Santa-Perez entered the lobby of the Fifth Third Center through a side door near Potbelly's. Authorities initially thought he first entered the loading dock area, but Isaac clarified in a news conference Friday that he did not enter that area at all.
Santa-Perez fired his first shot at 9:06 a.m. He fired 34 more rounds at bystanders and police officers over the next four minutes and 28 seconds.
No officers were injured.
Here's a timeline of the shooting:
9:07 a.m. -- Officer calls in shooting to dispatch
9:08 a.m. -- Active shooter on the first floor
9:11 a.m. -- Suspect down inside building
9:13 a.m. -- Officer reports locations of victims
9:13 a.m. -- Officer reports finding survivors in closet
3. Police killed suspect
A Cincinnati police officer shot and killed the gunman, Mayor John Cranley said in a news briefing shortly after the shooting.
Cranley said officers responded "within seconds" of the shooting.
Officer Jennifer Chilton, Officer Antonio Etter, Officer Eric Kaminsky, and Police Specialist Gregory Toyeas engaged in a shootout with Santa Perez.
Authorities fired a total of 11 rounds, Isaac said, but it’s not yet known which police officer struck Santa-Perez.
"It's heartbreaking," Cranley said. "This is not normal, and it shouldn't be viewed as normal. This is abnormal. No other industrialized country has this level of active multiple shooting on a regular basis … I think there's something deeply sick at work here, and we as a country have got to deal with it."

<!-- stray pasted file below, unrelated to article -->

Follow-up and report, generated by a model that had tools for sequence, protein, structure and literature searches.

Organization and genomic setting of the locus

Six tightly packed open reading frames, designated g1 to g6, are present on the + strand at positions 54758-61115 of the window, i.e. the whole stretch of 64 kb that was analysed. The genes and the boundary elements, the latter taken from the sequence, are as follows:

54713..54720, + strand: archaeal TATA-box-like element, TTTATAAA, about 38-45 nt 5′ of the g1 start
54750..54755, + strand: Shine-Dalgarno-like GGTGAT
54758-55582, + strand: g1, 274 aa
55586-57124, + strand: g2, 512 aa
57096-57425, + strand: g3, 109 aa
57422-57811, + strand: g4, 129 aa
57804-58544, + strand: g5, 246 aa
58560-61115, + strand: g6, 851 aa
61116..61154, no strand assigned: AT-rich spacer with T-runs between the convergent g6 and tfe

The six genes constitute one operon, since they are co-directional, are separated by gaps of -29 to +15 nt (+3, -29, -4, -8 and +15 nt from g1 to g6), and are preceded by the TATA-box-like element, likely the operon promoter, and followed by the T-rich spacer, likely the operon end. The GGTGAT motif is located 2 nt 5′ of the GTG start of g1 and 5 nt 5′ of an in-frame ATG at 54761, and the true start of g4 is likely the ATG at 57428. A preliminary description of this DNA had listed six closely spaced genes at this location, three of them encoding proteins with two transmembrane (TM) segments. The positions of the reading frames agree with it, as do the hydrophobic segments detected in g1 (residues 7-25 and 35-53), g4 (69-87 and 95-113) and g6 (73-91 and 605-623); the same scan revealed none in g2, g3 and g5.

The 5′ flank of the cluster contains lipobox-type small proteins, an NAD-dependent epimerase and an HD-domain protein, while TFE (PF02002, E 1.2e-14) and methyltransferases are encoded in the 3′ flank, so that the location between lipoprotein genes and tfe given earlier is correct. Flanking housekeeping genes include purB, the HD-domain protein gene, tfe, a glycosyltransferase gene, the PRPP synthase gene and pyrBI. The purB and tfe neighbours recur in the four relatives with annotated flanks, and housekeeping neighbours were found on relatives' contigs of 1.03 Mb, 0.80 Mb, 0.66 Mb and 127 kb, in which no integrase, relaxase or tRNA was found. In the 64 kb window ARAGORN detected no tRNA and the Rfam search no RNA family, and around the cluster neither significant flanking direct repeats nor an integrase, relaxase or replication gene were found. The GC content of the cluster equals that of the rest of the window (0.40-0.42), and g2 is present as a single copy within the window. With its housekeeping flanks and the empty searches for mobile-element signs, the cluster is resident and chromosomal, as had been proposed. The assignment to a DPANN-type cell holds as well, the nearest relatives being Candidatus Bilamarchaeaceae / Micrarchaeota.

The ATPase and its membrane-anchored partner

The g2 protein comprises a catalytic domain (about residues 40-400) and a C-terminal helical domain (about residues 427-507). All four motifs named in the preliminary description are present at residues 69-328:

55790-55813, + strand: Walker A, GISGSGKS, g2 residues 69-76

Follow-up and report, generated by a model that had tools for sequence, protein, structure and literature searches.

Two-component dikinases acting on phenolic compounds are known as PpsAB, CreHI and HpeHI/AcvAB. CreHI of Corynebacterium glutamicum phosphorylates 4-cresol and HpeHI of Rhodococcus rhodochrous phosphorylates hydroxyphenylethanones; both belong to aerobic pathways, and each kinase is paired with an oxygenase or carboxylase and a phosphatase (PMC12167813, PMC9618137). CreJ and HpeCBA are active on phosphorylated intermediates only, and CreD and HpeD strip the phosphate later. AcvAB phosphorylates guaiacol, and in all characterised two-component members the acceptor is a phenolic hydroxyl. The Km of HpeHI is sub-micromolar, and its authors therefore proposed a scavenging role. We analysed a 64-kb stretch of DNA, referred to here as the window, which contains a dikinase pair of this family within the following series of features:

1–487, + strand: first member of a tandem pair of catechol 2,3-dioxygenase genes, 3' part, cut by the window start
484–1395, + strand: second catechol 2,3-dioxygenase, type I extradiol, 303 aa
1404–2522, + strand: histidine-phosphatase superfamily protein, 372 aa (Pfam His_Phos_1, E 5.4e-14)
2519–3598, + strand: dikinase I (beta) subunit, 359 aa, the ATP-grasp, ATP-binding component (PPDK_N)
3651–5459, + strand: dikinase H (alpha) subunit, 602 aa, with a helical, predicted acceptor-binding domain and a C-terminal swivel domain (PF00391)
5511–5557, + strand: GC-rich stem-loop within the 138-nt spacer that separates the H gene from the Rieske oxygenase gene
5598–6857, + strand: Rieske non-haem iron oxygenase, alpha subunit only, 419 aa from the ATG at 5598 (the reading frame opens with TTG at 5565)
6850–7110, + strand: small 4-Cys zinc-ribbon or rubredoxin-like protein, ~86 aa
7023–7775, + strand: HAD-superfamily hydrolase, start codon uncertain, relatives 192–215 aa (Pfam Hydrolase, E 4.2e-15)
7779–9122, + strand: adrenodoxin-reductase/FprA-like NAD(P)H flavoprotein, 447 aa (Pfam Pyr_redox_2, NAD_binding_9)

4. The shooter killed three men before police killed him
Richard Newcomer, an employee of Gilbane Building Company in Rhode Island, was the first publicly identified after his death. Newcomer, 64, had been assigned to a project on the third floor of the Fifth Third Center.
Hamilton County Coroner Lakshmi Sammarco identified the other two as 25-year-old Prudhi Raj Kandepi and 48-year-old Luis Felipe Calderón.
One of the surviving victims was in critical condition at the University of Cincinnati Medical Center Friday night; the other victim, Whitney Austin, was in fair condition.
5. Whitney Austin, one of the surviving victims, is a Fifth Third Bank vice president
Whitney Austin is now undergoing surgery at University of Cincinnati Medical Center. Her husband, Waller Austin, said he is hopeful she will make a full recovery.
"We are not emotionally ready for interviews yet," Waller Austin said, "but Whitney will have many points that she would like to address once she is able to distance herself from the immediate trauma of (Thursday's) incident."